Maria Gabriella Anagnostopoulos has never been involved in Greek politics before, but this Sunday – along with almost 40,000 others – she will stand as a candidate in the first round of Greek local elections.
"Until now… even local politics were very much attached to certain ruling parties and their ideologies," the 24-year-old told CNBC. "Now that I had the opportunity to be a candidate on an independent list, I went for it."
A change in the law, introduced last month, raised the number of candidates a party could have on its list by 50 percent. Fed up with the traditional political powers and a six-year recession, thousands of independents grabbed the opportunity to enter the political arena.
As a result, a record-high number of candidates – many of whom are under the age of 30 – are planning to challenge the Greek government.
"The political system is going through a crisis, so more and more young people understand there needs to be a change and decide to go into politics," Ioannis Marios Tsaltas, 27, told CNBC. He, too, is standing in the local elections, making the most of an opportunity to take things into his own hands.
It's not just the local elections that have Greece's ruling center-right New Democracy party worried.
A record-high number of Greek MEP candidates will also be contesting in the European parliamentary elections, which take place - along with the second round of local elections - on May 25. Some 43 parties, among them the far-right Golden Dawn, have put up almost 1,300 candidates.
These double elections could threaten Greece's political stability, as parties consider them indicative of how people would vote in a general election. Greek stocks have had a rocky rise over recent days amid growing uncertainty about the upcoming elections.
As it stands, left-wing opposition party SYRIZA looks to take first place in the European elections, although New Democracy is a very close second.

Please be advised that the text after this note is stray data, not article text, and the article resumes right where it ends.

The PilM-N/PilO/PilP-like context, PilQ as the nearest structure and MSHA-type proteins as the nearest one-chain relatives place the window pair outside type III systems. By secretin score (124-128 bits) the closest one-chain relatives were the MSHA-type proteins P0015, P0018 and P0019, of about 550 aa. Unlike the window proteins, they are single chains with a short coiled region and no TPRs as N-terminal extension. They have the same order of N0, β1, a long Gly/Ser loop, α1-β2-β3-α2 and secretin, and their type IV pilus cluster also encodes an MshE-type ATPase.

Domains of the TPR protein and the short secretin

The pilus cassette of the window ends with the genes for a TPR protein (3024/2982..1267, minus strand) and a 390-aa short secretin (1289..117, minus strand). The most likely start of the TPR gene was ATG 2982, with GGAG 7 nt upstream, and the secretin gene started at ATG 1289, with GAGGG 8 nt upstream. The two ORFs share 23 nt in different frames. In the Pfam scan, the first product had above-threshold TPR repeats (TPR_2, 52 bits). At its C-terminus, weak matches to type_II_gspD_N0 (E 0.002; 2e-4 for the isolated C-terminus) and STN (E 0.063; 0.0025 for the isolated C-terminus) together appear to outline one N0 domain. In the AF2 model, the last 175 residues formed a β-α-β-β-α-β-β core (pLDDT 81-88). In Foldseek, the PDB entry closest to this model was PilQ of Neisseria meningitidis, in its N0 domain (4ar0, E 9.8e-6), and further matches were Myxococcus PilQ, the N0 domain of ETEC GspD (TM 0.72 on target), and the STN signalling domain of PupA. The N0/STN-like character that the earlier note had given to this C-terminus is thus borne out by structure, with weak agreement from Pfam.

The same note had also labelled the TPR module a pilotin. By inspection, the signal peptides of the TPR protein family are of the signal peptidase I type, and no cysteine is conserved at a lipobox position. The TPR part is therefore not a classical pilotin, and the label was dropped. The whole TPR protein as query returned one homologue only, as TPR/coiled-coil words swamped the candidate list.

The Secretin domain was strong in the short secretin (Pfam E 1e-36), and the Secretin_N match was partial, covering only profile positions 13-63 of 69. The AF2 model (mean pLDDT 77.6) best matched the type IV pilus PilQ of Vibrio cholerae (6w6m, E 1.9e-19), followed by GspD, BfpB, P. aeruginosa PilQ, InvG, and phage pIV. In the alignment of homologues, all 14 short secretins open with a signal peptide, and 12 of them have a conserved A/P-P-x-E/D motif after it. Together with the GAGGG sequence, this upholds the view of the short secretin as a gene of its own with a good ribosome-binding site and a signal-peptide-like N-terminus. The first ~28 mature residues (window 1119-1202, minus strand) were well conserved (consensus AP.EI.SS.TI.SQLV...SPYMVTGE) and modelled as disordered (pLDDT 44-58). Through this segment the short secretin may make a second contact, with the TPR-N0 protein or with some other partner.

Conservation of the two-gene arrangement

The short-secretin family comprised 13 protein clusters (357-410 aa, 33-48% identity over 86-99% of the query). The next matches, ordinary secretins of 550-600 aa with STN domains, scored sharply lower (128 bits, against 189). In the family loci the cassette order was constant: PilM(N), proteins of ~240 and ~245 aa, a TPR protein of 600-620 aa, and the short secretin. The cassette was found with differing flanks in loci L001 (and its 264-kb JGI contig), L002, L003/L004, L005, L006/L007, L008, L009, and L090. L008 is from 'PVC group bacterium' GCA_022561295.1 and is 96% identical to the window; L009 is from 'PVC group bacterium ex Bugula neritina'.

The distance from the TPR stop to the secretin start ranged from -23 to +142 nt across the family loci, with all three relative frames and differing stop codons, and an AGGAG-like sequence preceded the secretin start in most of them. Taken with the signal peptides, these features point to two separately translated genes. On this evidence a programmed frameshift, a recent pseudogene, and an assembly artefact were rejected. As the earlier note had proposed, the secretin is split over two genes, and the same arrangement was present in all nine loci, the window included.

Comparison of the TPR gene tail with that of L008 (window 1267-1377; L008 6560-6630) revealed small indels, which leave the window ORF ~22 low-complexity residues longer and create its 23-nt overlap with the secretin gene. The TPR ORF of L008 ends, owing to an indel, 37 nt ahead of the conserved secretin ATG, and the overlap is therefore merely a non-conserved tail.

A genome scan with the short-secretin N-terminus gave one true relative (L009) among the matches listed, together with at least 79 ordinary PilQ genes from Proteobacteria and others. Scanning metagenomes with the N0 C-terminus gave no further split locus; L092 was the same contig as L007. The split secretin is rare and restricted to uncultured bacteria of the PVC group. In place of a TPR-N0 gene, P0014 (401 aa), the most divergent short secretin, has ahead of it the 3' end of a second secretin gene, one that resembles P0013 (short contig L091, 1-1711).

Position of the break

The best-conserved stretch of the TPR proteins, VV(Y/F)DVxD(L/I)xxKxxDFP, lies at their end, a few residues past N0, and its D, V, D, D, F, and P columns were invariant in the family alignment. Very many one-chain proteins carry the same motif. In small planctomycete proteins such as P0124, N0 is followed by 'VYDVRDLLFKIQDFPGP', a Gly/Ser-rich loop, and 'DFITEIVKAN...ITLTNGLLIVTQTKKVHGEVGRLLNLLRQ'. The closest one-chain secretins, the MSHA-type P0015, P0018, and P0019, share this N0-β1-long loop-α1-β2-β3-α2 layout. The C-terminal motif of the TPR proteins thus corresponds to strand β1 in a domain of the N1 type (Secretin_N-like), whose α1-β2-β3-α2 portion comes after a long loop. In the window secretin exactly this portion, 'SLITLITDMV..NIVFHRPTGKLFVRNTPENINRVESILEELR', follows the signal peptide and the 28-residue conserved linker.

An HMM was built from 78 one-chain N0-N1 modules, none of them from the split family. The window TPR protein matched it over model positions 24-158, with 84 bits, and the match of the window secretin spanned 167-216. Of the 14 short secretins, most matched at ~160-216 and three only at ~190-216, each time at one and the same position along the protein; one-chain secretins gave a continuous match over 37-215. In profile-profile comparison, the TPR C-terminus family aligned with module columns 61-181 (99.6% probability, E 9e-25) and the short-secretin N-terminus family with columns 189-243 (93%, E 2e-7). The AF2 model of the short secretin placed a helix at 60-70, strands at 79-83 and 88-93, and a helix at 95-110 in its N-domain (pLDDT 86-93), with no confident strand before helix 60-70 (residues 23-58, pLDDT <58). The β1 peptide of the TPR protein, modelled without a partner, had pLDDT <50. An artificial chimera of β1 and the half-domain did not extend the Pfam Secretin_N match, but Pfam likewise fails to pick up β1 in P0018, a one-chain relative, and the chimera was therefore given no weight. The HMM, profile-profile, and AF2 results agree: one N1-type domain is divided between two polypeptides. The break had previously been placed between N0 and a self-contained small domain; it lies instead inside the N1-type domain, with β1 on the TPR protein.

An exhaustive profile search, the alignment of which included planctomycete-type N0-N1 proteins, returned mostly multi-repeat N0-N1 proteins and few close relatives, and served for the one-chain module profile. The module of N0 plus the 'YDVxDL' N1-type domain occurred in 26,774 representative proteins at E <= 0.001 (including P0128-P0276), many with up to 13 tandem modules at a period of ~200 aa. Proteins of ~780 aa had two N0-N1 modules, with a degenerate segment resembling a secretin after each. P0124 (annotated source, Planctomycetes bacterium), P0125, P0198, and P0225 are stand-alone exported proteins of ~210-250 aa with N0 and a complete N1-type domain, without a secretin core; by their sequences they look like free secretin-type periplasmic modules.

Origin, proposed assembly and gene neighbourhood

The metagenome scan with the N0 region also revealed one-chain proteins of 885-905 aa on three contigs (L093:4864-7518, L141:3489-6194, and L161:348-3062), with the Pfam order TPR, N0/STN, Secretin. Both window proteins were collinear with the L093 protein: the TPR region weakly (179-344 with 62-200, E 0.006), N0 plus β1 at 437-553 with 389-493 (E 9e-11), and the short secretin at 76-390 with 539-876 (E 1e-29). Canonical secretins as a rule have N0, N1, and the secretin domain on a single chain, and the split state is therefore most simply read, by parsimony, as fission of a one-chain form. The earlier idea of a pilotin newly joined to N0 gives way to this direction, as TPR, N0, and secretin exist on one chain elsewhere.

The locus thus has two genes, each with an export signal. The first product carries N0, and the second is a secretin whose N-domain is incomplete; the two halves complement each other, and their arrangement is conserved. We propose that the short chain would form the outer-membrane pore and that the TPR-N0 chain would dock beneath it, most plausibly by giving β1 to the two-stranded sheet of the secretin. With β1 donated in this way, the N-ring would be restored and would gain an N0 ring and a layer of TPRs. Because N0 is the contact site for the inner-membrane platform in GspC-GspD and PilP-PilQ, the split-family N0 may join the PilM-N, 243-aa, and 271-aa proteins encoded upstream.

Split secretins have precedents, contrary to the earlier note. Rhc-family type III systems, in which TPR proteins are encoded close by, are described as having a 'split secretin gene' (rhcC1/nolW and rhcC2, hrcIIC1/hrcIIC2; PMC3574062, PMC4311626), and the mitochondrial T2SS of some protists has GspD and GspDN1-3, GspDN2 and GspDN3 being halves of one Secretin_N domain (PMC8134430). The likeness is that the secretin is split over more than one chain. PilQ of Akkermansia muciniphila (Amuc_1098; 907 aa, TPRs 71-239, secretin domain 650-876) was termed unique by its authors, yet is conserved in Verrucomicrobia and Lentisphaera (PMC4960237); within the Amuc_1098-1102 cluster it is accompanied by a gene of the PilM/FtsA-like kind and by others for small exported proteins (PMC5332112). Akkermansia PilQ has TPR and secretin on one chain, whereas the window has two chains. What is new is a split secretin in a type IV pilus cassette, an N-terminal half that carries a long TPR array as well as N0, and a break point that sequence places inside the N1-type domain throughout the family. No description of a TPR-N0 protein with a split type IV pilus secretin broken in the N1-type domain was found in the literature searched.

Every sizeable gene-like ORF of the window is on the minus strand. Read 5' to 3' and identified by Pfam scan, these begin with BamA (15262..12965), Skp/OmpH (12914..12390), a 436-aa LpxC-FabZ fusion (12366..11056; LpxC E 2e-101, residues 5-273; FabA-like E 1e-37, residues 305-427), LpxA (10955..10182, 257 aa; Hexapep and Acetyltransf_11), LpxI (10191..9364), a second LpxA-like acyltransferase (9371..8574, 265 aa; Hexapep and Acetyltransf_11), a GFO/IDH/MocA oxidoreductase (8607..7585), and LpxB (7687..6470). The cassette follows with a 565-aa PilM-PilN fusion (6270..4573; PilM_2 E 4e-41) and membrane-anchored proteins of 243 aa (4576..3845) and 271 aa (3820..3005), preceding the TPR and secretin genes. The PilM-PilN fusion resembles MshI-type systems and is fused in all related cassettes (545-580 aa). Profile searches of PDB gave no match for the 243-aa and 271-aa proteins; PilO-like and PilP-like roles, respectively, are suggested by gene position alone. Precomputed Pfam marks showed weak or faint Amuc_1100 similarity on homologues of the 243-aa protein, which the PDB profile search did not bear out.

"If SYRIZA manages to get a percentage higher than that of the governing coalition, there will be a political earthquake," Dimitrios Papadimoulis, who is standing as a Member of European Parliament (MEP) for SYRIZA, told Greek newspaper Naftemporiki.
The difference between the two leading parties is now just 0.5 percent, according to the latest poll by Mega TV/GPO, after New Democracy got a boost from an improvement in Greece's economic data and the country's return to bond markets last month, after four years.
"Snap elections are possible, if the ruling coalition doesn't fare well now," Elena Panaritis, founder of the think tank Thought 4 Action, told CNBC. ""It will mean that the (government's austerity) program will be challenged."
Economy in focus
Not for the first time, Greece's economy will be the focus of much campaigning over the following two weeks. On the euro zone's periphery, the country was hard hit by the global financial crash of 2008, was forced to request an international bailout and has since undergone tough spending cuts and reforms.
But according to the European Commission, Greece still faces a funding gap of 5.5 billion euros ($7.6 billion) through to the end of May next year. The country is hoping to agree on some form of debt relief from its European partners.
Amid all this – and as both elections loom - the IMF stressed that political stability would be key in its review of the country's progress.
"Greece's European partners and lenders have agreed to debt relief, provided that Greece keeps its commitments to implement previously agreed reforms," International Monetary Fund (IMF) Spokesman Gerry Rice said during a press conference last week.
"In the Greek programme, like other programmes, political stability is an important issue."